To forgive is divine

- Joseph Uysetuan () - January 14, 2007 - 12:00am
VENGEANCE is not our business but forgiveness is. So leave the avenging to God and let's try not to be stubborn with forgiving. A look in the mirror tells us that we are actually in no state to forgive those who trespass against us. Saints even forgive and we are nothing more than sinners. It is amusing why we are not accomplishing it, to think it is a wonderful commitment. Just imagine this blessing, to forgive is divine. That is merit, a plus value. Please don't say Shakespeare was inventing that. He was just copying the thought from a line in the Lord's Prayer.

One of the hardest emotions we are confronted with is our unwillingness to forgive. It seems that we just don't have the heart to let go when forgiveness is asked of us. When a wrongdoing is committed against us, we usually don't shut our eyes to it, but instead give the erring party a hard time making an apology. We don't have ears for his excuse. On the other hand, when we are the culprit making the mistake, we usually love to say "to err is human," hoping the offended party will follow suit with "to forgive is divine." We think it is a good escape from responsibility.

Sometimes we stand pat not to beg for forgiveness even when we did wrong. We are just stuck with our foolish pride. We stick to it without compunction, nonchalant, unreceptive. It's so hard just to extend for a simple handshake. Sometimes we are dead set on not accepting an apology that is forgivable; at times, treating it as an over-my-dead-body matter. A person with a stony heart will never give way, no matter how long we kneel before him. His stare is blank; his face deadpan.

It needs all the properties of goodness and virtues to enable us to know how to forget and forgive. We must nurture feelings and emotions that are genuine and correct to be able to handle our heart well. Without these properties, forgiveness will never work. We must not let the mighty claws of the bad, the wicked and the wrong hold on. The consequence is that our heart will helplessly shift gear and become misplaced, misguided, misbehaving.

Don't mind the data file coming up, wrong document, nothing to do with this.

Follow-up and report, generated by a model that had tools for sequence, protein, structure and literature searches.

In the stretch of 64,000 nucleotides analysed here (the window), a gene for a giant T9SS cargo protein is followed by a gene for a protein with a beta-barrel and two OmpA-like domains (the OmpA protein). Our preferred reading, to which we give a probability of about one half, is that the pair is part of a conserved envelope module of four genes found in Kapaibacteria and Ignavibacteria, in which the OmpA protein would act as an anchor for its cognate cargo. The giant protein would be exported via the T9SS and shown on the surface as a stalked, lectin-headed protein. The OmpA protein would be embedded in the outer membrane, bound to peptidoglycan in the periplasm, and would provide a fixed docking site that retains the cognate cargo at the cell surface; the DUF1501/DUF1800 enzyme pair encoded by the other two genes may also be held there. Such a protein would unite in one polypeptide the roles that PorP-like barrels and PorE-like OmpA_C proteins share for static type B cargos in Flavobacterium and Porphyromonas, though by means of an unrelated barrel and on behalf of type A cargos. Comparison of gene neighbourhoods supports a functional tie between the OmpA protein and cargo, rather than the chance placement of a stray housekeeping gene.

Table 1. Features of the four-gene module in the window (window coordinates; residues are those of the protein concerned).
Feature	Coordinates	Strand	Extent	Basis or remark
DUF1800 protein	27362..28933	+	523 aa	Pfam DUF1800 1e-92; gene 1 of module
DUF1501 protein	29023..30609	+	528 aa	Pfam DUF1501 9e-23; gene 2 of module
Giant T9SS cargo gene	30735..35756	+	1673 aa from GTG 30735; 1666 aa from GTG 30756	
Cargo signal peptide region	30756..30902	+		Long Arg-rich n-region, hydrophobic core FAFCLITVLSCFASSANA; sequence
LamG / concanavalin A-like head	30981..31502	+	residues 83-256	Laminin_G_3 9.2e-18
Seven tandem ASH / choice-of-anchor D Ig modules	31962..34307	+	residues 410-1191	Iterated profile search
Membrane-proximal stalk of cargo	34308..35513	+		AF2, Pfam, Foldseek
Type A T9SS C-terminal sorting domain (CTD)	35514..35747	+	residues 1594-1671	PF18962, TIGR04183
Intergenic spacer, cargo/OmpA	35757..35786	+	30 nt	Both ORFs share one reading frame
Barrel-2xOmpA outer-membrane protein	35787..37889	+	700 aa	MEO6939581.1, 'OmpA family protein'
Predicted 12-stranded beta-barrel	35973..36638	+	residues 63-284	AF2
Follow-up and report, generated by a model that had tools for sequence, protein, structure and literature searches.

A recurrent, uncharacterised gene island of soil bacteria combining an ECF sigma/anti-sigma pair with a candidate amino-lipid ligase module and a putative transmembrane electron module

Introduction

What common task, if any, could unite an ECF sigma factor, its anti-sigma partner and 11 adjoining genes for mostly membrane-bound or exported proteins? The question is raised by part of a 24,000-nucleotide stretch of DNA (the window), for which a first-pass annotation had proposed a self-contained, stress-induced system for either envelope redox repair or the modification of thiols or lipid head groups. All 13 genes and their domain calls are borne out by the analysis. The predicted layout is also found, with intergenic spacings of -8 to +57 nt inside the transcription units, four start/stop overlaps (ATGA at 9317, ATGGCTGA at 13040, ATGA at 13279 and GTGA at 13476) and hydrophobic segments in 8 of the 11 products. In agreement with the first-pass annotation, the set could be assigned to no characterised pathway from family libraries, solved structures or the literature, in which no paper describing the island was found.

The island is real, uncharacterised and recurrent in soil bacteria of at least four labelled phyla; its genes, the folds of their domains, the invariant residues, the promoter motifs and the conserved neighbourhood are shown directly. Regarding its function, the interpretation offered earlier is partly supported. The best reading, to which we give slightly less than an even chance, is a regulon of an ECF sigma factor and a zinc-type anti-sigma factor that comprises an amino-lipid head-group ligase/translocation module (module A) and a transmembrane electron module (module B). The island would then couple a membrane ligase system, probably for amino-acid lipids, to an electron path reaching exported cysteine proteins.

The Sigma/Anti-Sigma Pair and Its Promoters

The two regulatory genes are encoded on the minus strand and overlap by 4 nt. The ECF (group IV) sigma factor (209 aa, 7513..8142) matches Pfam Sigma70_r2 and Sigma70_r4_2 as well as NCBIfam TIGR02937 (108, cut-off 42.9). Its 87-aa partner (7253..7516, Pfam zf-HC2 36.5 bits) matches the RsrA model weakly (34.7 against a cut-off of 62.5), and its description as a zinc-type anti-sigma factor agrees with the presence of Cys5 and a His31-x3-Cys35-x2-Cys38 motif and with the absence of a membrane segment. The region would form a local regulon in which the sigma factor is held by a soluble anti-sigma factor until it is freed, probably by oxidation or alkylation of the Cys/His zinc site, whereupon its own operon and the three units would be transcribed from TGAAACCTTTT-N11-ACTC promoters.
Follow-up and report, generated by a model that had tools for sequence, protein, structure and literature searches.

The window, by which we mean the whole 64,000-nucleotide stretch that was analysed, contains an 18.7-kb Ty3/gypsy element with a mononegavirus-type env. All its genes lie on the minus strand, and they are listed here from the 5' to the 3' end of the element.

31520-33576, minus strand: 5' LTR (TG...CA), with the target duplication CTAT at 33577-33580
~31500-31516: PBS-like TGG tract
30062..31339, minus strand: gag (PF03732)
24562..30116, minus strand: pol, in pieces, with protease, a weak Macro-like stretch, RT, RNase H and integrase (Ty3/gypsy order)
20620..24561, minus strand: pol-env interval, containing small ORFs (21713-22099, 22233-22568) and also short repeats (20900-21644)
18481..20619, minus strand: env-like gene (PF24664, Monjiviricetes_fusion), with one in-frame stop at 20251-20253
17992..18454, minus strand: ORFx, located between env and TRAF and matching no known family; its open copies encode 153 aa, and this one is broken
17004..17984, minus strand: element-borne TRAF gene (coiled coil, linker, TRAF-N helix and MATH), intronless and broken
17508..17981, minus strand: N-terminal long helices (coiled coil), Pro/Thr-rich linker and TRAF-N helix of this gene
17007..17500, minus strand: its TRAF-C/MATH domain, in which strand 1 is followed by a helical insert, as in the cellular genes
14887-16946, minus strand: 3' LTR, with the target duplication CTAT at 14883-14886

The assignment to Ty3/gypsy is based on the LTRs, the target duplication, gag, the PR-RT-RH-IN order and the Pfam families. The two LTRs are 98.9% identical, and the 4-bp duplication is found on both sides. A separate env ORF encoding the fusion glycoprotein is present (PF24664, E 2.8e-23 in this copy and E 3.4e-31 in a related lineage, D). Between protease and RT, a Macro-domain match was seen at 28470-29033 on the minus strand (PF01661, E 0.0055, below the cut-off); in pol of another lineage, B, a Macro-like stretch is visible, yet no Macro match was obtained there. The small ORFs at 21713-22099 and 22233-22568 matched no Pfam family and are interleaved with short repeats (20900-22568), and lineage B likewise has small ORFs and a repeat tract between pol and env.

What befalls us when our actions and thoughts go amiss is that we will get pretty messed up, bemired with bad attributes. Our heart will turn ugly. It will become insensitive, intolerant and unamiable. A cold heart is never concerned. A greedy heart gives no share. There is no pitying, no minding, no chipping in. With this kind of attitude, how can we bring ourselves to grant pardon, to give a chance to others? Instead of bringing mending, we are sowing pains. In doing so, we lose the divinity to forgive.

To fix the mess, we have to comprehend that forgiveness must be tempered with magnanimity, forbearance, compassion. This way, it will not be difficult for us to give or to seek forgiveness. All we have to do is excuse those who do bad, make bloopers, violate the book. We can readily condone the offenses and misdeeds done to us. We can be conciliatory to hard feelings and differences. We can do away with disputes and bad blood, by burying the hatchet.

Since heaven itself preaches and practices the virtue of forgiveness, we mortals should all the more do our part. This virtue is not only in a person's heart, it is also found in the rule of law. A birthday-celebrating president of a nation is mandated to grant executive clemency to convicts. Revenue commissioners have authority to give tax amnesty to businessmen as long as they cough up required figures for the government coffers. This is to wipe their slate clean of tax evasion.

The nuances of forgiveness is also reflected in forgetting, sparing, letting go, etc. It's not only about forgiving mistakes but also debts. Sometimes a nation writes off the debts of another. Sometimes, war debts - not money consideration, but injustice and crimes - are put into oblivion as time passes on. Sometimes, unscrupulous individuals get away with their bad intents because of immunity.

Religion, for its part, imparts to us a lot of moral instructions on forgiveness. When a believer atones inside a confession box, there is hope his sins will be blotted out or lessened. We are told just to admit our mistakes, ask for forgiveness, and then our heart will be cleansed. When somebody wrong us, we are taught to turn the other cheek and not hold a grudge or think of getting back. We are encouraged just to go till the fields of hatred and bitterness with the plow of forgiveness.

Remember, heaven will always see to it that forgiveness will be available for us anytime. Blessed are those who will take to this for they shall discover that to forgive is, indeed, divine. Even as I search for beautiful words on forgiveness to close this article, I still find this old adage the best and the most elegant - let bygones be bygones.

  • Latest
  • Trending
Are you sure you want to log out?

Philstar.com is one of the most vibrant, opinionated, discerning communities of readers on cyberspace. With your meaningful insights, help shape the stories that can shape the country. Sign up now!

or sign in with